Actually, #2 is about the only one that really saves the most money. Smaller places cost less to heat/cool, and not driving as much saves a huge amount of energy.

    But, oh environmentalists are more concerned about prohibiting housing developments or zoning that actually makes sense.
  • by zogger (617870) on Saturday February 17, 2007 @10:57PM (#18056748) Homepage Journal
    ...water pollution. Nothing. Zero. It took serious government regulations in a lot of directions at the federal, state and local level and mass civil indignation to do that, because the "market" ALL found it cheaper-better for their "shareholder value and bottom line"- to just dump their toxic waste wherever they felt like it and to transfer health care costs to -anyplace else, downstream usually.

      Ya, maybe if we had waited say a few hundred years it might have "corrected", as the remaining few non mutants rose up finally and bumped off the remaining few mass polluters who were left, but for some reason society decided to step in with some stricter laws before it got that bad.

    I could name numerous other examples but that is an easily seen one.

    Sometimes you just can't wait for the "this quarter's profits" mentality boys to do the right thing. Some things might need to be addressed now, once they are clearly understood to either be a problem now or soon will be, as opposed to waiting around for a long time in an economic and social experiment to see what might happen. And believe it or nuts, there are more important things on this Earth than some corporation's bank balance.

    That is not to say that government can't be hugely overbearing and infested with generic mass stoopidity itself,of course it is,I speak out about government abuses all the time, but "the market" is no better really, neither extreme -leave it all to the market (caveat-emptor brand corporatism would be the extreme there) or all to the government(cult of the personality one leader-one party-mass bureaucracy and no one even wants to work any longer except under the whip"- ism government would be the extreme that other way)- is the end all or be all of "solutions". I think what we have more or less constructed- at least semi-regulated markets and at least an attempt at a semi-regulated society via this government thing-is probably the best humans can do at our (barely out of the medieval level intellectually or psychologically) evolutionary stage.

    Of the two extremes and the middle, the middle is what we mostly have and falls under the lesser of the three big evils choices. It is imperfect, absolutely no doubt there, but the best we can do right now. What we can do is to keep chipping away at the imperfections on a case by case basis.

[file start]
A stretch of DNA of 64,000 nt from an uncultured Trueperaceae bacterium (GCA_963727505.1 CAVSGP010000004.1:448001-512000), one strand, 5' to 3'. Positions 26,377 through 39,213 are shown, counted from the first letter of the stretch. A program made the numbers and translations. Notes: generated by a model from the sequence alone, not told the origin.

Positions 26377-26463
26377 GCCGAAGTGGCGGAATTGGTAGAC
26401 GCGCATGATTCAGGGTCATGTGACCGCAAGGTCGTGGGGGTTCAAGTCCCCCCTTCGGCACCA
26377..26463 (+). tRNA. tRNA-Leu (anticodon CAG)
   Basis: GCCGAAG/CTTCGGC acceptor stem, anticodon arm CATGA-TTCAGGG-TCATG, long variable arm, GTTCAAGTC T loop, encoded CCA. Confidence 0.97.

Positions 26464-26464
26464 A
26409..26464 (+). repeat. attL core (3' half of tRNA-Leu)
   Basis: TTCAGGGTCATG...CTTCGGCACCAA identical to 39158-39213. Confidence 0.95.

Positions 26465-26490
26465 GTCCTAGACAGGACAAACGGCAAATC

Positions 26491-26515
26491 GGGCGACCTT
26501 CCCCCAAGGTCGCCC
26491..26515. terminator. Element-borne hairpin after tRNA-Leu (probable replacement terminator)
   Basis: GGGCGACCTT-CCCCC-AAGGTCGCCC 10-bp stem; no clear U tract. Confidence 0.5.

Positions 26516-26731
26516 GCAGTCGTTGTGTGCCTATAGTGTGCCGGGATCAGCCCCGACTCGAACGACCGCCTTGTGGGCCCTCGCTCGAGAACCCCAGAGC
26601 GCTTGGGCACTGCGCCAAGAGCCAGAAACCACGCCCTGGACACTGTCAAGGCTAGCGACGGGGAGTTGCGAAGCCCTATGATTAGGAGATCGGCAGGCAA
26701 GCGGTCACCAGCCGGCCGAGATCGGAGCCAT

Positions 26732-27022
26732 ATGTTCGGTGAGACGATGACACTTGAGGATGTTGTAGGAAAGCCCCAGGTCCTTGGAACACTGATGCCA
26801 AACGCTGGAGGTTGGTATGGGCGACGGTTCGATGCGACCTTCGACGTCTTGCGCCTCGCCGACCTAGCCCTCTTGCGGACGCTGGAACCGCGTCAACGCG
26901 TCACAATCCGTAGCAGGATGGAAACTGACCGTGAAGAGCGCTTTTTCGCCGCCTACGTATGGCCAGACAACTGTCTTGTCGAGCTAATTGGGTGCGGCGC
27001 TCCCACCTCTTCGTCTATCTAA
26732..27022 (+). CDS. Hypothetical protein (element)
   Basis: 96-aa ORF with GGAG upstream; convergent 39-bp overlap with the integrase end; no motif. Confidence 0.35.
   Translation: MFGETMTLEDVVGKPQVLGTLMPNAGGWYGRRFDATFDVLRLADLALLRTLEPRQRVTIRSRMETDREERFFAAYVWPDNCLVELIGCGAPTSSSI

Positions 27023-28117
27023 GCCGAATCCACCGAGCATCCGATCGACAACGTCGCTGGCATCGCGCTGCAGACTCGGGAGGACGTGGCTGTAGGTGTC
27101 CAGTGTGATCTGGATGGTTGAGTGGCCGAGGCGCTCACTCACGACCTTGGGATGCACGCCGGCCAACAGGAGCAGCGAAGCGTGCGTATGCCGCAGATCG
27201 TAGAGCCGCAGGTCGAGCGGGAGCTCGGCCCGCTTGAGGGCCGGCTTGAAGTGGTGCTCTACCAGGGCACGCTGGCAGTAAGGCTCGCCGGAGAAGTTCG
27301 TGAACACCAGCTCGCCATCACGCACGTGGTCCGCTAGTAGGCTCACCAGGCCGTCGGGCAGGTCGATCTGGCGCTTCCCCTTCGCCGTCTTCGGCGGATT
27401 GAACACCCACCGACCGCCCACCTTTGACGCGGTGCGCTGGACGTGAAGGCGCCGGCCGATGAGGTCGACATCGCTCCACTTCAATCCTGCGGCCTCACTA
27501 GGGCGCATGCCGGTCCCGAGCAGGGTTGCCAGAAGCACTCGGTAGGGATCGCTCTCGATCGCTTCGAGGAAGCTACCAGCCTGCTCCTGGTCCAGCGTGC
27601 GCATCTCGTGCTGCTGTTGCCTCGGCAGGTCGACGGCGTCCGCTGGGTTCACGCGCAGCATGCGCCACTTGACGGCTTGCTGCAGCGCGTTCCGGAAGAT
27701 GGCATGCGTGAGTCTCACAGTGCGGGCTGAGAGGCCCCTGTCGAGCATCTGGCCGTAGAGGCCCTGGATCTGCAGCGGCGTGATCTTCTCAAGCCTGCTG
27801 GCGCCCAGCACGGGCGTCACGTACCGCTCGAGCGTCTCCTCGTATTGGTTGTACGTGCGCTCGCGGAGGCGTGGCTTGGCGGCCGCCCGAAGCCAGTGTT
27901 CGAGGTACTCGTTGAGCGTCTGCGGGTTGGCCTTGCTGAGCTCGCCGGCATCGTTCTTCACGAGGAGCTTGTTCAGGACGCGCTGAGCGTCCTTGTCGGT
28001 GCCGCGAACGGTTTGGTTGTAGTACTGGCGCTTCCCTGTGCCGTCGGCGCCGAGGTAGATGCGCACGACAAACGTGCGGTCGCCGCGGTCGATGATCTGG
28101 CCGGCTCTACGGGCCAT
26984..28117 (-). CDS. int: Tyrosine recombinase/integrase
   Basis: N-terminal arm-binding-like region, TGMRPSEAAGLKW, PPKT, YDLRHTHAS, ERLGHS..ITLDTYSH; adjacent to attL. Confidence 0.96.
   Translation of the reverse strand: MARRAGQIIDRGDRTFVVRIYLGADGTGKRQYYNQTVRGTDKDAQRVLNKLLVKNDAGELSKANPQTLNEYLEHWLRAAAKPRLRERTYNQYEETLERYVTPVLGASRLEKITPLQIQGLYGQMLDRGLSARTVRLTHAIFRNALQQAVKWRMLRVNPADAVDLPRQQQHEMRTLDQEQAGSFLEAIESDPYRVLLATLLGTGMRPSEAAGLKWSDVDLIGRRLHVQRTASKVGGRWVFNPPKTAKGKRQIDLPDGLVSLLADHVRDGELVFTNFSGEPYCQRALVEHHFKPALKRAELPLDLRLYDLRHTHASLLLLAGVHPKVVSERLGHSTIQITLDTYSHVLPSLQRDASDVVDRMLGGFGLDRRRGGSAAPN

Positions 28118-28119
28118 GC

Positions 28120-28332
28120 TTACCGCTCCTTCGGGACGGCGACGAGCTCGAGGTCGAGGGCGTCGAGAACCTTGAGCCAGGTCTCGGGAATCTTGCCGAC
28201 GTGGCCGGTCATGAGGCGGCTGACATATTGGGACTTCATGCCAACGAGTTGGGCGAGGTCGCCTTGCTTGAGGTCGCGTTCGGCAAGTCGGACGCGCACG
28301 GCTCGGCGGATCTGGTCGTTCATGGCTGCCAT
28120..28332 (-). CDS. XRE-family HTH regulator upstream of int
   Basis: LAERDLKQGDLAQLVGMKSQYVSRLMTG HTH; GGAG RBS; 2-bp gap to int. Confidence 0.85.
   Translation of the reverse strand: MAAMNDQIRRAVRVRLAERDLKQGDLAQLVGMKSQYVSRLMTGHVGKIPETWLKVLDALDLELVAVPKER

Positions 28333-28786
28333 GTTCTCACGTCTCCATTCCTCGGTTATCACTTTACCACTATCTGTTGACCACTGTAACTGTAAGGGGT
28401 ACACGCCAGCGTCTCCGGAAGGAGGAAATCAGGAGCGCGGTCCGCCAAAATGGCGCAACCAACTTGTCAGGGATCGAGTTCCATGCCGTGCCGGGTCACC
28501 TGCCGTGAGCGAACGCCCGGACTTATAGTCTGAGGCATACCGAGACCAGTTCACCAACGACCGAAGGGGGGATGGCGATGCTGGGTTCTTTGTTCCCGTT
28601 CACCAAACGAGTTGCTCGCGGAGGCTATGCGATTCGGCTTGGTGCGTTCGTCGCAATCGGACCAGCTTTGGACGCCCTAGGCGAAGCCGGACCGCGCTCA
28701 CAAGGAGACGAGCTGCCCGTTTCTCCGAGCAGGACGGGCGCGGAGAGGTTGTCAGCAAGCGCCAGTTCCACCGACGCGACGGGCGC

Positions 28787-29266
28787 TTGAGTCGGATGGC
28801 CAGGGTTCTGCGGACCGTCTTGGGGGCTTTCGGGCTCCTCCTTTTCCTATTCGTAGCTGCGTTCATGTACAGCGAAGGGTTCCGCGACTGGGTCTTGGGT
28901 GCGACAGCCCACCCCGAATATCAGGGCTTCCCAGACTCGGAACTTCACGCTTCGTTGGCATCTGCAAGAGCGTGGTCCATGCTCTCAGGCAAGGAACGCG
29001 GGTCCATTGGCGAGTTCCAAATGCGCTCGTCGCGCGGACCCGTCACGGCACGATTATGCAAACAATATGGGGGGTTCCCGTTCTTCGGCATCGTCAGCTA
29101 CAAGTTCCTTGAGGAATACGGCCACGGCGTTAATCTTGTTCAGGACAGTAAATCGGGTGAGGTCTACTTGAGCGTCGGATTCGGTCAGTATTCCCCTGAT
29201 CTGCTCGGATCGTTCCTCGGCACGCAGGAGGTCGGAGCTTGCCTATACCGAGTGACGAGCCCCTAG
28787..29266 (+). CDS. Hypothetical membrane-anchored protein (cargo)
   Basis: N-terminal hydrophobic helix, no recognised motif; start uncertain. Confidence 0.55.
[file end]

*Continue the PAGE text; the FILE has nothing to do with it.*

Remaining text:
• by Oligonicella (659917) on Saturday February 17, 2007 @11:34PM (#18056906)
    "But the common man doesn't understand 'efficiency gains' as something significant."

    Yeah, they insulate their houses to save on energy bills just 'cause.
  • by jbengt (874751) on Saturday February 17, 2007 @11:48PM (#18056948)
    It's not a more efficient thermal cycle or a more efficient dynamo. It is a new source of power - waste heat. OK, waste heat has been used before, usually for direct heating, but not for this kind of electricity production in utility power plants.
  • Re:Not a big deal (Score:2, Insightful)

    by Mafiew (620133) on Sunday February 18, 2007 @12:58AM (#18057266)
    Thank you for a post that actually talks about some thermodynamic principles. Tapping into "waste" heat does seem like an attractive idea to people who do not have an understanding of thermodynamics. My understanding is that if you try to simply strap on another heat engine like a thermocouple, you're working with a very low temperature differential which means low efficiency.

    One question though. Isn't a gas turbine just another heat engine that that is governmed by the limits of any thermodynamic cycle? So would a "combined cycle" be two heat engines connected to each other? Unfortuantely my understanding of thermo is limited to one undergraduate class.
  • by amRadioHed (463061) on Sunday February 18, 2007 @01:36AM (#18057482)
    I think he means there is a difference between understanding it's a waste when the heat you are paying for is going out the window, there is a very direct cost. It's less likely for people to think that the heat coming out of the back of their vacuum cleaner is also wasted energy. Electrical appliances get hot when they run, right? Nothing unusual about that.

The world is moving so fast these days that the man who says it can't be done is generally interrupted by someone doing it. -- E. Hubbard